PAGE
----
The Implications of an NSA Backdoor Here…

Random number generators play a crucial role in cryptographic security. Image: agaudin/Flickr

So assuming that there is, indeed, an NSA backdoor in DUAL_EC_DRBG, what does that mean for the security of the systems that use it?

It’s a bit nuanced, so stick with me here.

First the good news: Given the public specification, the secret parameters of the “Q”-based backdoor are hard to find if you didn’t actually generate Q yourself.

It’s not that it’s hard to see that that there might be secret backdoor parameters. What’s hard to find is their actual values so you can exploit it yourself. How hard? As hard as the underlying problem, called EC Discrete Logarithm, which is believed to be infeasible to solve in practice. So that means that “only” the NSA, or whoever selected Q, is likely to have the secret required to break it, unless they’ve shared these values with someone else. (You only have to do the hard calculation once, but it’s believed to be a very hard problem, even for an entity with vast resources.)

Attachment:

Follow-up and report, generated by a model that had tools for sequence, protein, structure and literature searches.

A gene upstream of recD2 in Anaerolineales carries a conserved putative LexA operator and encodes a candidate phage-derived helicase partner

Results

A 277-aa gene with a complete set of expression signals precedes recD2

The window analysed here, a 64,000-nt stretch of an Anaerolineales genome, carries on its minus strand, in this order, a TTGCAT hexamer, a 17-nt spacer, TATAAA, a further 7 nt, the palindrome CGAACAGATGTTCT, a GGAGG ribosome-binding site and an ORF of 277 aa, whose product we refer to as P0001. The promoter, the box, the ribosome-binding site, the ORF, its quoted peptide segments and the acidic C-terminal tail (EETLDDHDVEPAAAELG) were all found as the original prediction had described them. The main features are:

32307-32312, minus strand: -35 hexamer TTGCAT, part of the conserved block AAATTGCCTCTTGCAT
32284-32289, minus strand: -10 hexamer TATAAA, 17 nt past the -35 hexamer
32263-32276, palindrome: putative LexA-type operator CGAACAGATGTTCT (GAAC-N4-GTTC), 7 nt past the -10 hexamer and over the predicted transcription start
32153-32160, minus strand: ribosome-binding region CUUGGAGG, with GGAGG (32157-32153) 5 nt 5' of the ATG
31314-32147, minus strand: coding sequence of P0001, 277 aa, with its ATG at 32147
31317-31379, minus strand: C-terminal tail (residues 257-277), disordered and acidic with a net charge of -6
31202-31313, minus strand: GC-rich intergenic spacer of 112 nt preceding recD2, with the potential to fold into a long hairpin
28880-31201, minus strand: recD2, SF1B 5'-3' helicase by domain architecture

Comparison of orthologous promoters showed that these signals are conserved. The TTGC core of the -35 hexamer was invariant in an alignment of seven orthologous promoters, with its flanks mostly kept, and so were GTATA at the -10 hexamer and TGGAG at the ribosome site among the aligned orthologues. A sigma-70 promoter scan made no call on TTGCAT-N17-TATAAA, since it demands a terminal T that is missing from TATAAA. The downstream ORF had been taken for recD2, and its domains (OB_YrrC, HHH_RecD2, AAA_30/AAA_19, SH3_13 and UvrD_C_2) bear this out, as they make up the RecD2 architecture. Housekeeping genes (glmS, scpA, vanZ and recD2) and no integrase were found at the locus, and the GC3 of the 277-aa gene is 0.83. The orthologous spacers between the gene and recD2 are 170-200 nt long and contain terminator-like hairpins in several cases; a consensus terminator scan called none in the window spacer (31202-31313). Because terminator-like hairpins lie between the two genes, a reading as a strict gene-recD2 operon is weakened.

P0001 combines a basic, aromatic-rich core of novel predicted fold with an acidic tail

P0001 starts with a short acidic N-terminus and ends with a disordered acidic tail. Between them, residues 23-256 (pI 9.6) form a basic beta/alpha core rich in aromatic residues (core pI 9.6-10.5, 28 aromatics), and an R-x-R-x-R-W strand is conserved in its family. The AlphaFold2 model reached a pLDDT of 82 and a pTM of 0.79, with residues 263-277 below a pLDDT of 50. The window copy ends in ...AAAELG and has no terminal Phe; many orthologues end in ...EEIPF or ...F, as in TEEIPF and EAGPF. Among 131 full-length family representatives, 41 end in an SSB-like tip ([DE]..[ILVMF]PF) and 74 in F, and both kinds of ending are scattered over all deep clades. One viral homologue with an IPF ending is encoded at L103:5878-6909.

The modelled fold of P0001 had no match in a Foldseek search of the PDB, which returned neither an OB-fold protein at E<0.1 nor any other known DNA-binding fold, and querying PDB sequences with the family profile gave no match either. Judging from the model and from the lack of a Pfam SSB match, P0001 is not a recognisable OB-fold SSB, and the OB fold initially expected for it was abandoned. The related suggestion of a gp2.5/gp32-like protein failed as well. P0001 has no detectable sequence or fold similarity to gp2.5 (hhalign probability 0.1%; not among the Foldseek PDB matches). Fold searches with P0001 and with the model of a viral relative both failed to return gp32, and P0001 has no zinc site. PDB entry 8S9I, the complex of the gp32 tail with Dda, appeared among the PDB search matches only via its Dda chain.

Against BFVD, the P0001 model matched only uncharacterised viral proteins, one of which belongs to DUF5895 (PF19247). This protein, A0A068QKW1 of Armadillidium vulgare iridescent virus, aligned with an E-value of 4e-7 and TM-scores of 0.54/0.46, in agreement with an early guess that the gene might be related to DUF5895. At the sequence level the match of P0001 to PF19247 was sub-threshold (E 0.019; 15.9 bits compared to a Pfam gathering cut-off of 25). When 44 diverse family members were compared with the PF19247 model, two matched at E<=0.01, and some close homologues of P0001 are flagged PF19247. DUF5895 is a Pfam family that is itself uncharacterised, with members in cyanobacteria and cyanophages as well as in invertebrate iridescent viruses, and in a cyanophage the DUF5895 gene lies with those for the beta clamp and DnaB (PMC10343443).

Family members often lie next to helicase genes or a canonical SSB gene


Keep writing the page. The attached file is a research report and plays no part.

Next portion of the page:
Also, even if you know the secret behind Q (as NSA is presumed to) — not every system that uses DUAL_EC_DRBG is automatically vulnerable. Exploiting the backdoor requires that the system expose a certain number of bits of output in the “clear”. Many cryptographic systems do this, but not all do. It depends on the specifics of the protocol and its implementation, which varies widely.

Which brings us to several pieces of rather bad news.


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